Naval Forces of countries along the Gulf of Guinea cannot maintain maritime security alone without cooperation and collaboration from relevant stakeholders, Rear Admiral Seth Amoama, Chief of the Naval Staff has said.
Rear Admiral Amoama observed that every area of maritime security has its dimensions that required cooperation and collaboration with relevant actors to drive up issues such as environmental protection, sustainable fishing and over-exploitation of other resources in the sea.
According to him, even the issue of arrest of criminals required additional skills such as protection of suspects’ rights, preservation of evidence and prevention of tax evasion.
“These are specialized skills that continue to draw naval forces closer to other professionals in pursuit of maritime security in the Gulf of Guinea.
Ghana understands these dynamics to maritime security and remains open to new ideas.”
The Chief of Naval Staff was speaking at the opening of a three day International Forum on the Implementation of the Yaoundé Protocol at the Kofi Annan International Peacekeeping Training Center (KAIPTC) in Accra.
The forum brought together senior Naval Officers, Professionals from diversified backgrounds.
The participants seek to discuss and offer support for research, training of maritime security practitioners and actors to establish a platform for dialogue among international and national actors.
The participants would also delve into areas such as “Strengthening bilateral and multilateral cooperation on maritime crime related arrests in the Gulf of Guinea (GoG)” “enhancing dialogue and capacity development towards a safer Maritime Domain in Africa” among others.
Rear Admiral Amoama commended the Danish government for funding meeting and told the participants that Ghana remained committed to initiatives to be bore out of their deliberations.
Major General Francis Ofori, Commandant of KAIPTC said the gulf of Guinea is the hub of extensive transatlantic commerce connecting the western part of Africa with the rest of the world.
“Undoubtedly, this maritime domain is a significant source of economic life, but it also present serious security challenge for the 26 countries concerned”.
The Commandant of KAIPTC said maritime threats are common phenomenon especially in the region.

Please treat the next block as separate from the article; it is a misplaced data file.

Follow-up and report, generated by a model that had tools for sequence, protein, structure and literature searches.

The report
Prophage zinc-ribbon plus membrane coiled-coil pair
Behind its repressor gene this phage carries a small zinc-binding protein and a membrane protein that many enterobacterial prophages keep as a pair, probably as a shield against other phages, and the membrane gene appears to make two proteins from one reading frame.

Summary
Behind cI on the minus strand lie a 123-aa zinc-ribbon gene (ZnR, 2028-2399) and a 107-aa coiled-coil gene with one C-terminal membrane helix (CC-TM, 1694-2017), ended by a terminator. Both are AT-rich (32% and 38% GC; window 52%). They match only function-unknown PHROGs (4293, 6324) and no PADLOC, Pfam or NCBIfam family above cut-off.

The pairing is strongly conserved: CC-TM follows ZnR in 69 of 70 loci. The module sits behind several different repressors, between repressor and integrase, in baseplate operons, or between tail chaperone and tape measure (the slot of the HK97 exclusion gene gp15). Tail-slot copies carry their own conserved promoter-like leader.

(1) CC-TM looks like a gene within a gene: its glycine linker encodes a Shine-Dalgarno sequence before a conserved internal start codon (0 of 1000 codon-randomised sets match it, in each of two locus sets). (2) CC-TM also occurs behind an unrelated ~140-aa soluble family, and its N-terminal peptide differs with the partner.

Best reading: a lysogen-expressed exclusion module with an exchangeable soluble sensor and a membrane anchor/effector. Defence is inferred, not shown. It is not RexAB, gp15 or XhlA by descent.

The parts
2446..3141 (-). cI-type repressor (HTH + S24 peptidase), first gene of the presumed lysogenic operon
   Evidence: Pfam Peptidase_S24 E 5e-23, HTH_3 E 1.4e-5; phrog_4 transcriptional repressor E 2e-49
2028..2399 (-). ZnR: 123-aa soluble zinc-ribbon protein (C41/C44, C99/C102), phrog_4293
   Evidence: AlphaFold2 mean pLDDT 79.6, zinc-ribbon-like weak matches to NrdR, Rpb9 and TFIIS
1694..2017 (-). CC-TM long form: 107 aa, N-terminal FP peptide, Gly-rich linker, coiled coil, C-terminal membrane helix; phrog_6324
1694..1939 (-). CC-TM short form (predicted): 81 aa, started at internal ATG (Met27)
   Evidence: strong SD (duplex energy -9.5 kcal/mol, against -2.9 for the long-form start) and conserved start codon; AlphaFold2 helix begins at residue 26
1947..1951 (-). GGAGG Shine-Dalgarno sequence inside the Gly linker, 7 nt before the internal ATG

According to him, reports from the International Maritime Organization (IMO) and other international and regional agencies often identify issues such as attacks on sea- based transportation equipment, networks and cargoes.
These attacks, he said resulted in seizure of high valued content, demand for ransom, traffic in prohibited commodities such as cocaine and engagement in unsustainable extraction of resources.
Additionally, he observed that while countries continue to grapple with security within maritime domain, pirates and transnational criminal gang continue to wreak havoc in the area.
“A number of Maritime- related mechanisms were emerging with separate structural requirements that put pressure on Gulf of Guinea countries in their effort to determine comprehensive response to the threats domain while remaining compliant to the protocols they have signed up to.”
It is time to guide how countries can respond to the multiple international maritime initiatives and still remain effective,” he said.
Major General Ofori said there was the need to look into the evolution of the Yaoundé code of conduct structures which include financing, staffing and inter- relationships and agree on how much time those structures required to evolve and become fully operational.
“The pressure for infant structures to perform is quite intense but how do we ensure that our successes are sustainable and reflects the reality”, he asked.
He said although the KAIPTC has already trained over 300 African Maritime Safety and security practitioners over the years, the centre was scaling up its efforts by joining up with some partners to design and implement related maritime security projects.
Tove Degnbol, Ambassador, Royal Danish Embassy in Ghana said Denmark is a prominent maritime nation with seafaring traditions.
“For Danish shipping exports, Ghana, Nigeria and Côte d’ Ivoire are major markets”.
Madam Degnbol commended Nigeria for passing a bill on the ‘ Suppression of piracy and other Maritime offences Bills’ adding that, it represented an important legal step against piracy.